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Memo to fire chiefs: Don't be a Weiner. Usually media savvy politician shows us how not to handle a reputation crisis.

I happen to like New York Congressman Anthony Weiner. It has nothing to do with his politics. I like that Weiner doesn't mind getting into it on TV with people who have a view of the world very different than his. Having heard him speak at a Washington dinner, I found him personable, engaging, self deprecating and hilarious. Maybe not the qualities you look for in a politician, but it makes me happy to see someone with a real personality instead of the blandness that seems to take hold in the Nation's Capital. How can  you not like a guy who even makes wiener jokes at his own expense?

Weiner usually has the timing and ear of a good comedian.

But the New York Democrat has become tone deaf on the latest scandal brewing in Washington that some have dubbed "Weinergate". (The press really should stop with the cliché "gate" with every scandal. How about "Weinerhead" instead?)

There are some good lessons from Weiner's actions for public safety officials or anyone else on how not to manage a reputation issue.

For those who don't know, the problem began when a 21-year-old woman from Washington State received a picture from Rep. Weiner's Twitter account. It's a below the belt shot of a man in tight underwear. To describe it further using the theme I started, Oscar Mayer might have similar pictures in ads showing the packaging of its product.

Weiner said originally that his account was hacked. But reporters wanted to know why U.S. Capitol Police weren't called in to investigate the hacking. And it has gone downhill for Anthony Weiner from there. The issue now is Weiner won't say whether or not that's him in the picture.

In The Fix at, Rachel Weiner (apparently no relation) sums up where things stand this way:

“This prank has apparently been successful,” Weiner told reporters gathered outside his office. “After almost 11 hours of answering questions, any that anyone wanted to put, today I'm going to have to get back to work doing the job that I'm paid to do.”

Of course, Weiner said on Tuesday that he was “not going to allow this to be what I talk about all week,” only to find himself a day later sitting down for one-on-one interviews with NBC, Fox News, CBS, CNN and ABC. Those interviews did nothing to end the scrutiny, as Weiner refused to say “with certitude” that the photo, which showed an underwear-clad groin, was not of him.

Anthony Weiner should know better. If Weiner did nothing wrong, he's playing a stupid game with the press. And Brad Phillips at thinks Weiner is making it worse by engaging in the same grade school humor I'm doing here. The difference is I can say "with certitude" it isn't mine. 

By chastising members of the news media, including calling veteran CNN producer Ted Barrett a "jackass", Weiner is making himself look guilty. It would be one thing to remind reporters, the press and the public that everyone has more important things to do once you've come clean by answering the obvious questions that are lingering.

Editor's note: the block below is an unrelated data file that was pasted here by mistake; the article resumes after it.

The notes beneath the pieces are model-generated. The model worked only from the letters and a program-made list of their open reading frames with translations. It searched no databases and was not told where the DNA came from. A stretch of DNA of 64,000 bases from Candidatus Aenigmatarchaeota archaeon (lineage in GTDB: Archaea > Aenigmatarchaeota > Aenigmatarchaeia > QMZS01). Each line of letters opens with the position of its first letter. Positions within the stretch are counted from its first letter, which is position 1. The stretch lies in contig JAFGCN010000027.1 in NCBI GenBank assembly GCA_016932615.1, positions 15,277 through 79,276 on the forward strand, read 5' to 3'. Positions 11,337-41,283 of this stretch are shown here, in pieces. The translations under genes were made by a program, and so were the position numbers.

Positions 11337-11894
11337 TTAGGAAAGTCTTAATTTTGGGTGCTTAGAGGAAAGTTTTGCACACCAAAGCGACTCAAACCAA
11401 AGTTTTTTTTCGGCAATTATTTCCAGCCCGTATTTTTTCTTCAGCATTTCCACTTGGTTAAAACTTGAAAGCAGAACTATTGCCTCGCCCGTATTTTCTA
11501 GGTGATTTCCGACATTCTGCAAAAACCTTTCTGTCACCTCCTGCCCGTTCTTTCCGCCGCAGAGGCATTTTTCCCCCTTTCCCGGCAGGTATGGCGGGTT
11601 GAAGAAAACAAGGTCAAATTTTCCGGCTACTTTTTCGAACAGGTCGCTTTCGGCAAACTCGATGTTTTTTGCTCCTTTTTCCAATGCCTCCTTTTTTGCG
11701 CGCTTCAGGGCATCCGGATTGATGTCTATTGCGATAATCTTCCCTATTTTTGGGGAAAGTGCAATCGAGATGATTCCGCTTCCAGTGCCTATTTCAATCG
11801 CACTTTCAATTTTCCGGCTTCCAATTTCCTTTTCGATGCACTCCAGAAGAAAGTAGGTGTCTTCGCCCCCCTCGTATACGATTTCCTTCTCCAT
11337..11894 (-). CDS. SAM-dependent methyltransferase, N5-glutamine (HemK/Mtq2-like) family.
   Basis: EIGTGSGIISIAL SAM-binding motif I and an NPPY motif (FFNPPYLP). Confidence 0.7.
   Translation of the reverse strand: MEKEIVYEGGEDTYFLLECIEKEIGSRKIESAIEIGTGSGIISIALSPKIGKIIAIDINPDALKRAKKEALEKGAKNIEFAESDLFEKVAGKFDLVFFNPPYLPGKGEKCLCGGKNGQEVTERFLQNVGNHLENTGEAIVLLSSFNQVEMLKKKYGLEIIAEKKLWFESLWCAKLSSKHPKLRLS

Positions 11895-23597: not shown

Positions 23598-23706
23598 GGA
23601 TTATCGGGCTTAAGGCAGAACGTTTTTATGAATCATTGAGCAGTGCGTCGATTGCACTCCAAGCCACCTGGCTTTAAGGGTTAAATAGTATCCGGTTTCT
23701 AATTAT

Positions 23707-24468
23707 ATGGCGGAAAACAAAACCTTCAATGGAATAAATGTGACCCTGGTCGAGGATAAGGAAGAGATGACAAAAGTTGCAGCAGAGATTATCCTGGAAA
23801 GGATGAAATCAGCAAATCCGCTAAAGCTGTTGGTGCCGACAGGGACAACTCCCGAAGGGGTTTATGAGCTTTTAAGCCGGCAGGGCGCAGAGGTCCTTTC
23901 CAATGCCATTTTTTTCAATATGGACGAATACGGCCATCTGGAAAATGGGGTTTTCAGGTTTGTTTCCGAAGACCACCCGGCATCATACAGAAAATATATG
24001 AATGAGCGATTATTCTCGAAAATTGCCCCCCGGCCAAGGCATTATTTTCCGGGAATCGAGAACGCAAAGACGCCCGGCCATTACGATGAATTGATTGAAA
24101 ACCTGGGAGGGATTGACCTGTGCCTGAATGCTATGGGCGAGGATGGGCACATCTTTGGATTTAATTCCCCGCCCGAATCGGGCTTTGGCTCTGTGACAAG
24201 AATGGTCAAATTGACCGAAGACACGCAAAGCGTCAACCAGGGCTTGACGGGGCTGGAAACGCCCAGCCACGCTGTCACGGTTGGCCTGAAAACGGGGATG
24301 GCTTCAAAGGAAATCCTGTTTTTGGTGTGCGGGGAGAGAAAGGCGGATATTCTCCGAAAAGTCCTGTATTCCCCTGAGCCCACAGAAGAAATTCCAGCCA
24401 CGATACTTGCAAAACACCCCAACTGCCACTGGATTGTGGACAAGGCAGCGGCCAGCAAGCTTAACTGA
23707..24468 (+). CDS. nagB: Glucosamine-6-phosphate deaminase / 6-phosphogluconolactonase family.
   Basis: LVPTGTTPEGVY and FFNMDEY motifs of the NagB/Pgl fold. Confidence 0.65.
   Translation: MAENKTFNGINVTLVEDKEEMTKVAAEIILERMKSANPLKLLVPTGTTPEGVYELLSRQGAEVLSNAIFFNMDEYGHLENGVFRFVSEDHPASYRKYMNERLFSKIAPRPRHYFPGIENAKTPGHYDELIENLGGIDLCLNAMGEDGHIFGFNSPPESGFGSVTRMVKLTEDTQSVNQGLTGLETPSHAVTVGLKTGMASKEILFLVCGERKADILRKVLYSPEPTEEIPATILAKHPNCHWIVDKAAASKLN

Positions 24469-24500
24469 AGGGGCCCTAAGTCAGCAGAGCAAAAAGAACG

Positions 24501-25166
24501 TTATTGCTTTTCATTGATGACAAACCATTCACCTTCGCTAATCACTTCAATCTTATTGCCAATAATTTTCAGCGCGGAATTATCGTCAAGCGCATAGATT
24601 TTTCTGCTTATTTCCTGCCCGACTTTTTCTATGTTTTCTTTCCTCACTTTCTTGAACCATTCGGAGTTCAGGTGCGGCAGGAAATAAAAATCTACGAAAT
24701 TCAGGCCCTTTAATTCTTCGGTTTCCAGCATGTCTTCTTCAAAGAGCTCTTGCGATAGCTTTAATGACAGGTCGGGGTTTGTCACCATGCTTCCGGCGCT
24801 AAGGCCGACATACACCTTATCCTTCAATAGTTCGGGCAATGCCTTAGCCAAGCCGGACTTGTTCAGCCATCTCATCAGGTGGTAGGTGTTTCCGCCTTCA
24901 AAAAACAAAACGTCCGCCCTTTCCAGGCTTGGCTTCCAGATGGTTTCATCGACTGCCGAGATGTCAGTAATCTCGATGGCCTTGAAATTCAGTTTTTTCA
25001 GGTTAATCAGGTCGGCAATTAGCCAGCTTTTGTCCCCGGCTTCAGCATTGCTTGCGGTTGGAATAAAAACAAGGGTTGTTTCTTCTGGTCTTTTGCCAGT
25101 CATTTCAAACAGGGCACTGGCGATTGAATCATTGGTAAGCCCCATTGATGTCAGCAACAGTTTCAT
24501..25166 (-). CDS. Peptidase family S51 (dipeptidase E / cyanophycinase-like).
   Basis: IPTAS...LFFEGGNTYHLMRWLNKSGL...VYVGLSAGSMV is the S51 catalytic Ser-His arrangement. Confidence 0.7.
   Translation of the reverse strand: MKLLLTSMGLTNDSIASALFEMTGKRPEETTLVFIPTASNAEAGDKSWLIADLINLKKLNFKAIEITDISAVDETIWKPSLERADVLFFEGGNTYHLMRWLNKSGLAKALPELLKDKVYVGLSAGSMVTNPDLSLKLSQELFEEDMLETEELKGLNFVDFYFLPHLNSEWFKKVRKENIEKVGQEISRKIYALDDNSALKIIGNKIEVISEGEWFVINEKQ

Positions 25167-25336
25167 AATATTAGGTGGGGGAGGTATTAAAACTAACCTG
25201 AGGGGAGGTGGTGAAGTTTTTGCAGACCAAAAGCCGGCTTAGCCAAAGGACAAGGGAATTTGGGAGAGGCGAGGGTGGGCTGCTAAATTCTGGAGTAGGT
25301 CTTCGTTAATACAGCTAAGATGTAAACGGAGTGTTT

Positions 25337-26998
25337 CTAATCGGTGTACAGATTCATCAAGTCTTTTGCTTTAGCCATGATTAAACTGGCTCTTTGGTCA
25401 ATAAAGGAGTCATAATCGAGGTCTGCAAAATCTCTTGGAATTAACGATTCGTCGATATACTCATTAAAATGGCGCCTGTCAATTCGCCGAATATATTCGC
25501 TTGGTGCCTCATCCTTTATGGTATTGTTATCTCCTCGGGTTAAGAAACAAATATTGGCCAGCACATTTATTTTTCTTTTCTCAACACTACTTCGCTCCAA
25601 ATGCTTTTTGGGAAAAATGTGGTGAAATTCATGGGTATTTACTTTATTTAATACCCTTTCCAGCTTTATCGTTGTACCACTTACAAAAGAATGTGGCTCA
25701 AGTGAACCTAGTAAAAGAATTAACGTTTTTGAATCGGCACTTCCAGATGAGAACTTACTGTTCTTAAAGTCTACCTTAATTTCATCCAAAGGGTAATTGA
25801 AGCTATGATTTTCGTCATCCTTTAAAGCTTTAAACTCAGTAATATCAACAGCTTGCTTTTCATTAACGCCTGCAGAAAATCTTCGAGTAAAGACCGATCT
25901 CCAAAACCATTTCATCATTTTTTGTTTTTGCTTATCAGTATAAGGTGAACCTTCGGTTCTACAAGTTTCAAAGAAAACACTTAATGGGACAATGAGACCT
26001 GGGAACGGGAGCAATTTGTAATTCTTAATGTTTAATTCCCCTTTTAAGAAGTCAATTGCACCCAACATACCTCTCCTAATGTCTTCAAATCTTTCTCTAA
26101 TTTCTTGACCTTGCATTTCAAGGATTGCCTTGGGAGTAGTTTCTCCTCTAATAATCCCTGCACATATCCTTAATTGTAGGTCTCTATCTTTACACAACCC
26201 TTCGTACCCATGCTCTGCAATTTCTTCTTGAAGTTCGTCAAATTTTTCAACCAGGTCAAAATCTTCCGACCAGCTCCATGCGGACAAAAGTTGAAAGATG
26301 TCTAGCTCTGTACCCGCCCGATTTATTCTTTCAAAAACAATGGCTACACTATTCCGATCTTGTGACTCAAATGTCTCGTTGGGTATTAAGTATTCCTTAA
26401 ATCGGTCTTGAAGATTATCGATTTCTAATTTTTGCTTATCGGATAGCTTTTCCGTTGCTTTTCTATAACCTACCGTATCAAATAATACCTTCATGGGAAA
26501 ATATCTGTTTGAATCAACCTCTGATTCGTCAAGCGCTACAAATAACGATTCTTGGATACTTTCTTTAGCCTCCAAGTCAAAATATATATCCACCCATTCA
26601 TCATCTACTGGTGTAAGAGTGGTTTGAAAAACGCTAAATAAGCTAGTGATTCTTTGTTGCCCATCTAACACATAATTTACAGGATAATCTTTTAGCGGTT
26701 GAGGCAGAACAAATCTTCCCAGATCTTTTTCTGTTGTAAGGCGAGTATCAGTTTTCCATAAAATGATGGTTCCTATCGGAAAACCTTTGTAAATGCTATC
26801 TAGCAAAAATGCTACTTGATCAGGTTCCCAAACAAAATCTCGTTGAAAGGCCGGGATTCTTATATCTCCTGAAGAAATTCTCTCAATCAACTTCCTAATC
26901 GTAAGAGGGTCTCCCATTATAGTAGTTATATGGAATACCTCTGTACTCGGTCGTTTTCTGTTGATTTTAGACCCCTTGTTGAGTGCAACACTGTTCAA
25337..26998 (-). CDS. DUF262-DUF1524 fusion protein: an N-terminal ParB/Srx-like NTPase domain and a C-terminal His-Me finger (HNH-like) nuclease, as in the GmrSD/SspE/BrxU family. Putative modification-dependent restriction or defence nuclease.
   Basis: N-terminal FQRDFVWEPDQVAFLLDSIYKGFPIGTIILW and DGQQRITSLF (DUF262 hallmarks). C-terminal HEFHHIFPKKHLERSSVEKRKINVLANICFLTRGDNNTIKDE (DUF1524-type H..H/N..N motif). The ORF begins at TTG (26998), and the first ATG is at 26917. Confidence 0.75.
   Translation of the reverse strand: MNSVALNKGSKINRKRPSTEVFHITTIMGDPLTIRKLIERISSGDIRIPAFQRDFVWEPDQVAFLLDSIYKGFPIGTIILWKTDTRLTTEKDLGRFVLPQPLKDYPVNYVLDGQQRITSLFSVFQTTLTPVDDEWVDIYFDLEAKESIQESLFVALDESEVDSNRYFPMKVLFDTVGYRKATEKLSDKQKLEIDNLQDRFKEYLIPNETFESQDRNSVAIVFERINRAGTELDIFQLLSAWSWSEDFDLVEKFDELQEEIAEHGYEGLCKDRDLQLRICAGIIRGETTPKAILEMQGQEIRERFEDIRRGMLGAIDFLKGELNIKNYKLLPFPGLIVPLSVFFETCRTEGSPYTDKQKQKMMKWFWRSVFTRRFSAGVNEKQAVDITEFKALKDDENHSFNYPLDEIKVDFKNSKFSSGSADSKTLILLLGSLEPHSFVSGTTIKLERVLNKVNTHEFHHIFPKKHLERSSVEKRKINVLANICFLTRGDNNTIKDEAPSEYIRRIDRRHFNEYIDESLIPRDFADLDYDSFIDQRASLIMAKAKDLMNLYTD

But Weiner hasn't done that. His explanation as to why he didn't call in police, but is instead having a private firm investigate, isn't very convincing. Also, unless you are a porn star who has that part of the body photographed so many times that you lose count, you know whether or not a specific picture exists of you in your underwear. Again, for the record, there are none of me.  

You can't help come to the conclusion this is a man with something to hide. And if that's the case, Weiner should be smart enough to know this is not going to work.

Many of you have heard me say or have read on the blog the following words: get it out; get it right; get it behind you. There really is no other way to deal with bad news and reputation issues.

Egos and pride often make it extremely difficult for someone like Weiner to take this advice. They think they can ride it out by avoiding, spinning, blaming the press and covering up. Very, very few get away with it. And in the digital age, where your reputation can be destroyed at the speed of light, it's almost unheard of.

There may be no better example of a politician doing the wrong thing when it comes to a sex scandal than former Congressman Gary Condit. It was ten-years-ago last month that Condit's name was first connected to a missing woman, Chandra Levy. Instead of coming clean right away about an affair, Condit was willing to allow police, the press and the public to suspect that he was a killer (which he was not). The only thing that got Condit off the front page were the attacks of September 11, 2001.

Until he levels with everyone, Anthony Weiner, who wants to run for mayor of New York, will also likely have to wait for bigger news to come along. Otherwise, expect to see that Oscar Mayer ad running an awful lot in the coming days and months.

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